January 1st is the unofficial start to RRSP season. While RRSP seasons in recent years has not been as hectic as it was in the late 1990’s and early 2000’s, there are still several investors who wait until January and February to make their annual RRSP contributions. I thought it would be good to compile the top 10 RRSP questions we receive from our clients.
1. When is the RRSP contribution deadline for the 2021 tax year?
You can make an RRSP contribution during the first 60 days of the year, which falls on March 1st, 2022.
2. How much can I can contribute to my RRSP?
The maximum RRSP contribution allowable for the 2021 tax year is $27,830.
3. How is my RRSP contribution room calculated?
Your RRSP contribution room is calculated by taking 18% of your earned income from the previous taxation year. Your individual maximum contribution will also reflect any 2020 pension adjustment and carry-forward of unused deduction limits from previous years.
4. Where can I verify my maximum RRSP contribution limit?
This information can be found on your previous year’s Notice of Assessment from the Canada Revenue Agency. This assessment will also include any unused deductions from previous years.
5. Do I have to use all my RRSP contributions as a deduction against my income in the year I make the contribution?
No, you can carry all or a portion of the contribution forward to deduct against your income in future years.
6. What happens if I over contribute to my RRSP?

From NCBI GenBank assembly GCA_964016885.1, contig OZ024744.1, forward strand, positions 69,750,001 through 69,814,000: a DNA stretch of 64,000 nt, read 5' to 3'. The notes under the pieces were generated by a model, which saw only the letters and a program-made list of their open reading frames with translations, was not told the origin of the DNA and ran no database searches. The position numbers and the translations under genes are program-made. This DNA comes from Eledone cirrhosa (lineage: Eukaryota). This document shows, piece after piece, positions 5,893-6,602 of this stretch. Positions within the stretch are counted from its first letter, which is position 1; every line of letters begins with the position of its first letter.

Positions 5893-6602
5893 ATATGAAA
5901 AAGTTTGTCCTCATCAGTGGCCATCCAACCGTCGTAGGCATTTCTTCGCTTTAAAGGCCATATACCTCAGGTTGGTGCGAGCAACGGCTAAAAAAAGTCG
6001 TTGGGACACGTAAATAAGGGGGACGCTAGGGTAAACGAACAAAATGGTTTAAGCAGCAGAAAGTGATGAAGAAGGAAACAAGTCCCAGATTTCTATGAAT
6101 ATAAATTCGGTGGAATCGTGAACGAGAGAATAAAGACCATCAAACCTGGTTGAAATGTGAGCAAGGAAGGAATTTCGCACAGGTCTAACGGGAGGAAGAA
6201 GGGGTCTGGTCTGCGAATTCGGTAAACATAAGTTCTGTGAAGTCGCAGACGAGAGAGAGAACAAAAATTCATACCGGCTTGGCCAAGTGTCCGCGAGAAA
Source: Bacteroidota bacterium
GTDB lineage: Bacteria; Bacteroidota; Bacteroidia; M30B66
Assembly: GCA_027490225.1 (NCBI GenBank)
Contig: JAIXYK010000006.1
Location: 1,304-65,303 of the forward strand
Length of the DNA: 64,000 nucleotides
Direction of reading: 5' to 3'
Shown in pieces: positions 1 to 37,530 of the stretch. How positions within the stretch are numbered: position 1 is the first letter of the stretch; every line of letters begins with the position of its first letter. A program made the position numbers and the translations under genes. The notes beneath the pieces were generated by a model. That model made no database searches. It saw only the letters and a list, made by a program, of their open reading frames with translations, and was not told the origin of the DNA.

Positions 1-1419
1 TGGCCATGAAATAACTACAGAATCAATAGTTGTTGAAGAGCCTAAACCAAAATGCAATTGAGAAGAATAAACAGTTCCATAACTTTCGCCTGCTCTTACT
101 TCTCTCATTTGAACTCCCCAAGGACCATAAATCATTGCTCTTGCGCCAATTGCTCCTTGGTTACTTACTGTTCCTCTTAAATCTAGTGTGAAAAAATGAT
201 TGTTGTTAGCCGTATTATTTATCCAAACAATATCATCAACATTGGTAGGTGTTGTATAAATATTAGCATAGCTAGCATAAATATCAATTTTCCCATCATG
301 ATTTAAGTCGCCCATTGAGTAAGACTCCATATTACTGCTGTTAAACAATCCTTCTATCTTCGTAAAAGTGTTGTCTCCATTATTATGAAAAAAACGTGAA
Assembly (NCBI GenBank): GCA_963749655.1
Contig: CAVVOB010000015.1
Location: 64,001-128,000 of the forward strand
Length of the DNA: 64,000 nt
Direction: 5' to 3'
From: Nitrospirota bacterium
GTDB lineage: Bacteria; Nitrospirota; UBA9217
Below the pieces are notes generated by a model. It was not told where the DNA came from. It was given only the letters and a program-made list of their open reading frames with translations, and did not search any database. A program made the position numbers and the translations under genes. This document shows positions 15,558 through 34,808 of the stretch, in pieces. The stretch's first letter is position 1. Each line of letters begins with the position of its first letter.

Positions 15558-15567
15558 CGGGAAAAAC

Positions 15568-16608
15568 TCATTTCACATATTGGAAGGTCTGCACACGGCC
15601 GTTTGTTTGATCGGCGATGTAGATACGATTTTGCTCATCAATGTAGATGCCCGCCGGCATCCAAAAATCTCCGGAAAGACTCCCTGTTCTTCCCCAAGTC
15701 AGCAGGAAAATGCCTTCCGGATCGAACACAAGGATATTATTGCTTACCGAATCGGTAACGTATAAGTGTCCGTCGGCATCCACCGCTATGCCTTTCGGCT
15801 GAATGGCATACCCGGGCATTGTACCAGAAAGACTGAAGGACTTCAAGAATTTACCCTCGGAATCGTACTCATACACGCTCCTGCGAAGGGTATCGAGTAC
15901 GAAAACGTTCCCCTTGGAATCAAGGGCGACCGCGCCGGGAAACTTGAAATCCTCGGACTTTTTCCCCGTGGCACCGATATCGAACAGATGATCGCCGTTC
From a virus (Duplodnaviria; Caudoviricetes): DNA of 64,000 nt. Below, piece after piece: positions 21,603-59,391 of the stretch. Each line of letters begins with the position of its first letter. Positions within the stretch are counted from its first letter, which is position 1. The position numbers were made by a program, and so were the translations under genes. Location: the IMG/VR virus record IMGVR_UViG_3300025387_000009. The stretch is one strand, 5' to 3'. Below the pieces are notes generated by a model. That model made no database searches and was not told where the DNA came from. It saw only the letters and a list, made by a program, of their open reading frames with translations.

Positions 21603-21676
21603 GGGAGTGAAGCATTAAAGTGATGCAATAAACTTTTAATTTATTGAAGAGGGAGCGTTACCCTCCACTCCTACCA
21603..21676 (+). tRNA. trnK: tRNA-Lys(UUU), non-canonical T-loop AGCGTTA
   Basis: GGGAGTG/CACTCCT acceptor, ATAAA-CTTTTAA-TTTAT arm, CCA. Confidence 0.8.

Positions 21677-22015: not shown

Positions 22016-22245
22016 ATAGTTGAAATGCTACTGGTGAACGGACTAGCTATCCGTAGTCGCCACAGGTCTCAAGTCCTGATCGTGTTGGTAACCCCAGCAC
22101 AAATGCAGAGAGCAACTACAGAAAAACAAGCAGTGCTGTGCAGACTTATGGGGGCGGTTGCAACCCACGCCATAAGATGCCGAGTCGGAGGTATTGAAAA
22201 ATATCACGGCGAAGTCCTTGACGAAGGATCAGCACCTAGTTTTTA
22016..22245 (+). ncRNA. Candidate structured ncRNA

You can have a lifetime over contribution of $2,000 with no implications. If you exceed this then there is a penalty tax of 1% per month for every month you have exceeded $2000 in over contribution.
7. If I do not make the maximum RRSP contribution, do I lose it?
Not necessarily. If you have not maximized your RRSP contribution for any year since 1991, you can carry it forward to future years.
8. What is the maximum age I can contribute to an RRSP?
You may contribute to an RRSP until December 31st of the year you turn 71.
9. Can I use my RRSP to purchase a home?
In most circumstances any money you withdraw from your RRSP is considered fully taxable. Under the Home Buyers’ Plan, you can use up to $35,000 of your RRSP (tax free) as a loan for a home purchase. There are several conditions to be met. The plan is open to first time home buyers (check if you qualify) with a written agreement to buy or build a qualifying home for themselves.
10. Can I use my RRSP for education purposes?
Yes, under the Lifelong Learning Plan an individual can withdraw up to $20,000 from their RRSP to finance full-time training or education for themselves, spouse or common-law partner.
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